Parquetry in a Stained Glass Pattern #5: Westward Expansion

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This is part 5 in a 11 part series: Parquetry in a Stained Glass Pattern

  1. The Plan
...
  1. Going in Circles
  2. Westward Expansion
  3. More of the Same
...
  1. Wrap-up

Tonight I finished the top-left quadrant.  No hiccups, fortunately. 

I had left space for the "string" for the yellow balloon, thinking I might place a long strip there that would extend further south.  Ultimately, I just placed a short strip there that terminated at the boundary of the quadrant.  That will give me more wiggle room when building out the lower-left quadrant.




12 Comments

Crisp and clean lines, difficult to keep it all aligned!

Detail is amazing and you still managed to keep all the grain aligned (just one of the 1000 things to pay attention to!)

You must have a cat-free work area 🤠
Do you like using that "surgical knife"?
Or did you do something to the cat? 😒

https://dutchypatterns.com/

That is coming along fantastically!

 SplinterGroup
 commented 1 day ago
Crisp and clean lines, difficult to keep it all aligned!

Detail is amazing and you still managed to keep all the grain aligned (just one of the 1000 things to pay attention to!)

You must have a cat-free work area 🤠
Thanks, Splinter.  Keeping things aligned has definitely been challenging.  Luckily, the eye is forgiving at normal viewing distance.   It's definitely wonky in places if you know where to look.  
Also, there are cats in the house, but fortunately they stay out of the workshop for the most part.  


 Dutchy
 commented about 22 hours ago
Do you like using that "surgical knife"?
Or did you do something to the cat? 😒
Dutchy - The cats are safe from me an my cutting tools.  😀  The X-acto knife does come in handy for trimming the narrow strips to length and for cutting out negative space in the white field for those strips to go into.


 Steve Rasmussen
 commented about 18 hours ago
That is coming along fantastically!
Thanks, Steve.  This part of the project is going well.  I'm a little bit nervous about what happens after I get the thing pieced together.
Good to hear you are not at a stop with the circles Ross.

I found one of my wife's glass circle cutters.


Of course the center pivot point is a suction cup, but the body parts are aluminum and the pivots are brass bushings,
Scribe lock is very solid when set. I could get a near exact radius by using the built in scale, swing out a circle, and measure to determine the error. I then could clamp a small stop block on the arm against the cutter head, then released the cutter head and inserted a feeler gauge between the stop block and cutter head. Slide it up tight, and locked it down. Worked great!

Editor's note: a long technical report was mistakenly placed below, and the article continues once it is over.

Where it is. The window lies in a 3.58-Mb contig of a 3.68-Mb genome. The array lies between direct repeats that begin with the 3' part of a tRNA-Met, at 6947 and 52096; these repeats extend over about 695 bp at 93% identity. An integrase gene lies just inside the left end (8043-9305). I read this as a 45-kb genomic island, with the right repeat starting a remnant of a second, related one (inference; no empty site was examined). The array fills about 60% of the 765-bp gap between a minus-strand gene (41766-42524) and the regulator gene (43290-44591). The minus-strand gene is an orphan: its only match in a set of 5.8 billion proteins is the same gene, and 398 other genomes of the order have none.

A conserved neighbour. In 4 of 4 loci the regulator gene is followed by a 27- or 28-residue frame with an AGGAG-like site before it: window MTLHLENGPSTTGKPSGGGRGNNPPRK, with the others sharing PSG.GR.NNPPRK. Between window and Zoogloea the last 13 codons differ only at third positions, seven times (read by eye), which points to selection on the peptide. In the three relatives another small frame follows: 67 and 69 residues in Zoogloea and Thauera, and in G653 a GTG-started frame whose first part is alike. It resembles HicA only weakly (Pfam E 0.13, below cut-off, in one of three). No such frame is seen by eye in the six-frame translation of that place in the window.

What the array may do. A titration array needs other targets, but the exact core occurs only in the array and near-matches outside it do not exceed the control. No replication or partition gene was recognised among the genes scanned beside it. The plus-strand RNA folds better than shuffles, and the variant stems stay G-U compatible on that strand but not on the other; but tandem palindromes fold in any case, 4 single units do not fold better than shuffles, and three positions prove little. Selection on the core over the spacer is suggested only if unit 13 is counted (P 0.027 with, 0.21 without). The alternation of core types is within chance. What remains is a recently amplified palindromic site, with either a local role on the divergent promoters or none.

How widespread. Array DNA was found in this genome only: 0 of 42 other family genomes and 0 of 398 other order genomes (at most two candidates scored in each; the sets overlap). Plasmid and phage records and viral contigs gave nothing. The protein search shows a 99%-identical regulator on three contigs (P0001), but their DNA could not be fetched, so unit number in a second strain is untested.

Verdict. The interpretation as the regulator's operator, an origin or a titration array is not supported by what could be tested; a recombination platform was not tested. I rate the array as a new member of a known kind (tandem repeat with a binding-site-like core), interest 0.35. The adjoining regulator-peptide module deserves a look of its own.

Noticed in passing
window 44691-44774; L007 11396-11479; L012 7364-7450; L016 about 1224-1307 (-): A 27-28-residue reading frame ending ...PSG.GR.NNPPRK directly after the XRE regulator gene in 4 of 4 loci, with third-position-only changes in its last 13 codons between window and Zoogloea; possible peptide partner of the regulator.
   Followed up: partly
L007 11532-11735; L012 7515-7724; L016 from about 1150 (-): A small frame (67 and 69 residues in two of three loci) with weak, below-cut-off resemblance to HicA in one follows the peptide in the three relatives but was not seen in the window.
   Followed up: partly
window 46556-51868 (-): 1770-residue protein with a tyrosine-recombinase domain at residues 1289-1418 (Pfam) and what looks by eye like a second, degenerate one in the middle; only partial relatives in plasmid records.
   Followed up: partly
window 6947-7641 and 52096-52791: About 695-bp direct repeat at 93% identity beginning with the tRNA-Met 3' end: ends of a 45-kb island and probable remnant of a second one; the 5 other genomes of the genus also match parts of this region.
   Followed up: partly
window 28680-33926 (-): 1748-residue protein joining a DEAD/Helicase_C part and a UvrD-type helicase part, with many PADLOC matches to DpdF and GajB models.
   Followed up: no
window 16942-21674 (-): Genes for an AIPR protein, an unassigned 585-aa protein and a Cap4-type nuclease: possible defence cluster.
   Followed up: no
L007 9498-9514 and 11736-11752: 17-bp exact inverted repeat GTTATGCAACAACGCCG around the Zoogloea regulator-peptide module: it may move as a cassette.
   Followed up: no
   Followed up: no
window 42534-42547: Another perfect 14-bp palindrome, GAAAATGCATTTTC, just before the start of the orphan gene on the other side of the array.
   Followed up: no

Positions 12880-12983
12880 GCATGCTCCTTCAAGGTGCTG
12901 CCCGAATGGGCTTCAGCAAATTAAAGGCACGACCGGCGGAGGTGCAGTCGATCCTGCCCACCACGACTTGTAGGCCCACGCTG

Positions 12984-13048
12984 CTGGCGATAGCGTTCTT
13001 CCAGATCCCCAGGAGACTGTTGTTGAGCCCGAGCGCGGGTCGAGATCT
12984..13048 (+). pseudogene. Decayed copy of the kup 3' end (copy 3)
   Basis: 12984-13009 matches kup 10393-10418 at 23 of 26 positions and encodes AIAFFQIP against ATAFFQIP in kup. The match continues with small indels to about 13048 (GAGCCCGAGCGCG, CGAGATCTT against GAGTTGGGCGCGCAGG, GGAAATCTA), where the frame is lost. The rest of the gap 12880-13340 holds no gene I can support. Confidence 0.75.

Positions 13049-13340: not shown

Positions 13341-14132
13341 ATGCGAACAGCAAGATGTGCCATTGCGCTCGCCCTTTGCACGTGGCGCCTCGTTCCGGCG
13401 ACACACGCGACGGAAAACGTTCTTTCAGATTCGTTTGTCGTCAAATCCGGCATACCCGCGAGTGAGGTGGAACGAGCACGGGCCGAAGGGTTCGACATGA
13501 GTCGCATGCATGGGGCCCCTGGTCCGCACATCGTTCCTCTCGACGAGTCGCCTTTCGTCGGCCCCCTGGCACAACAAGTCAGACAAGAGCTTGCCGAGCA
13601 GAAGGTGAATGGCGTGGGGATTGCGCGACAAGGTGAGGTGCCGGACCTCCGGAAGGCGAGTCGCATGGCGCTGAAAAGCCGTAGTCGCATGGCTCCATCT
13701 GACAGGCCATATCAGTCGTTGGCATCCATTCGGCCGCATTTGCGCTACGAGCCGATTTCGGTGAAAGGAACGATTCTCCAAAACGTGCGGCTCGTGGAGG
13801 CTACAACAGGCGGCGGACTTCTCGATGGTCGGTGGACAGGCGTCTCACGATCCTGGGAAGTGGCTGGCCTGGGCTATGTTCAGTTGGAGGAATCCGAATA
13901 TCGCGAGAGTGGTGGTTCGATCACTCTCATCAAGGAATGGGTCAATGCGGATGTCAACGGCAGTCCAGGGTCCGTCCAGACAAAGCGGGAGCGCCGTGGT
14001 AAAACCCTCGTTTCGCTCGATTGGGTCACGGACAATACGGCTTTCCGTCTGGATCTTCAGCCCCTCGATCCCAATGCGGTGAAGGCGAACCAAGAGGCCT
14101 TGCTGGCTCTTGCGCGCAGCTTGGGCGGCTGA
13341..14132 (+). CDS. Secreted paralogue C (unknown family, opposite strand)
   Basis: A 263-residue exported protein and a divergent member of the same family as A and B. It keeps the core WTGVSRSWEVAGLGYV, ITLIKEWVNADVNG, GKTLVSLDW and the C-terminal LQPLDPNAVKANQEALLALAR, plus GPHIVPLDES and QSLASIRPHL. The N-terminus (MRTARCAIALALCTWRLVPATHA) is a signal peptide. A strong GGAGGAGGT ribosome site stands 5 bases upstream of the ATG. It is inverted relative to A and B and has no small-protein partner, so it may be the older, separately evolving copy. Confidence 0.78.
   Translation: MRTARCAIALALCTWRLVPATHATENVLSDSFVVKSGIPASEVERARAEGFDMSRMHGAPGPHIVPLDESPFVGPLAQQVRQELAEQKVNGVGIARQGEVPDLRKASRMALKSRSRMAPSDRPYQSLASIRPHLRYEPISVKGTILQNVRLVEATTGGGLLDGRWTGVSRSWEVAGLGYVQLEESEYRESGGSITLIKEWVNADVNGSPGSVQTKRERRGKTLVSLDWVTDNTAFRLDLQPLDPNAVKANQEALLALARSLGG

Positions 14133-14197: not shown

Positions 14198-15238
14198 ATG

Now of course the cutters were not sharp enough to slice, just indent.


This is dyed maple:

The cutter head, at the working end, has a nice flat side and locking screw that could easily be adapted to a proper cutter wheel. but the pivot point would need to be changed to something that would work for veneer. 
It's pretty stable, just not quite sharp enough to cut veneer.

Anyhoo, was worth checking out!

 
Splinter - thanks for sharing your experiment!  I saw those kind of cutters on Amazon, but since they were glass cutters, I passed over them.  They look like they have much better construction than what I bought, and if they could be adapted to use a different wheel and pivot point, they'd be just the ticket!
Glad to share, been wanting to try it out!

I've been modifying my wife's glass equipment for quite a while, seems there always is something that turns a so-so tool into something great. 

Your cutter is low profile which helps and seems to have a good scale to read, but like my wife's stuff, seems there is plastic or some other thing that seems cheap pr gets in the way of "perfection"
If I was without a laser, I'd probably make a new post for this glass cutter (that can be located without damaging the veneer and holds solid) and figure out a cutter. I could easily attach an Exacto knife blade but realize a roller is superior since the grain wouldn't take over the blade.
Of course it seems you have the same potential and just different, but similar, fixes for your cutter.
Either way, you are well on your goal. 👍
I just started looking at this, it's pretty interesting! Pretty, too. Don't know where I would put something like that, atm. Looking at the glass cutter, I'm wondering if a #11 X-Acto blade in a holder would do the cutting better. I'd put a wheel further out on the beam and use that to set the depth of the blade. Seems like it would work? 

Steven- Random Orbital Nailer

Steven, It might work, but the problem in my mind is any blade will tend to follow the grain, especially for a circle once it starts cutting "uphill".
A wheel basically shears the fibers and hopefully could keep on the proper path.
True enough. I used to design tools. I'll think about this a bit. Can't work in the shop atm, arthritic knees are acting up and I can't stand without a cane. I have a cyst in my hand that interferes with carving, so that's out.

Steven- Random Orbital Nailer

The only tool I've tried to cut irregular shapes with accurately besides an Exacto knife has been the laser, which works perfectly, aside form a fine black line left between pieces when assembled (unless the pieces are first lightly sanded, which can be tiring) 🤔

Hope you get better, I'm sure your project to-do list is growing! 
Yeah, I look around at what I want to do, and it's really frustrating. Taking large doses of steroids, not sleeping because of that.

Enough about me. I will say I really like what Ross is doing here!

Steven- Random Orbital Nailer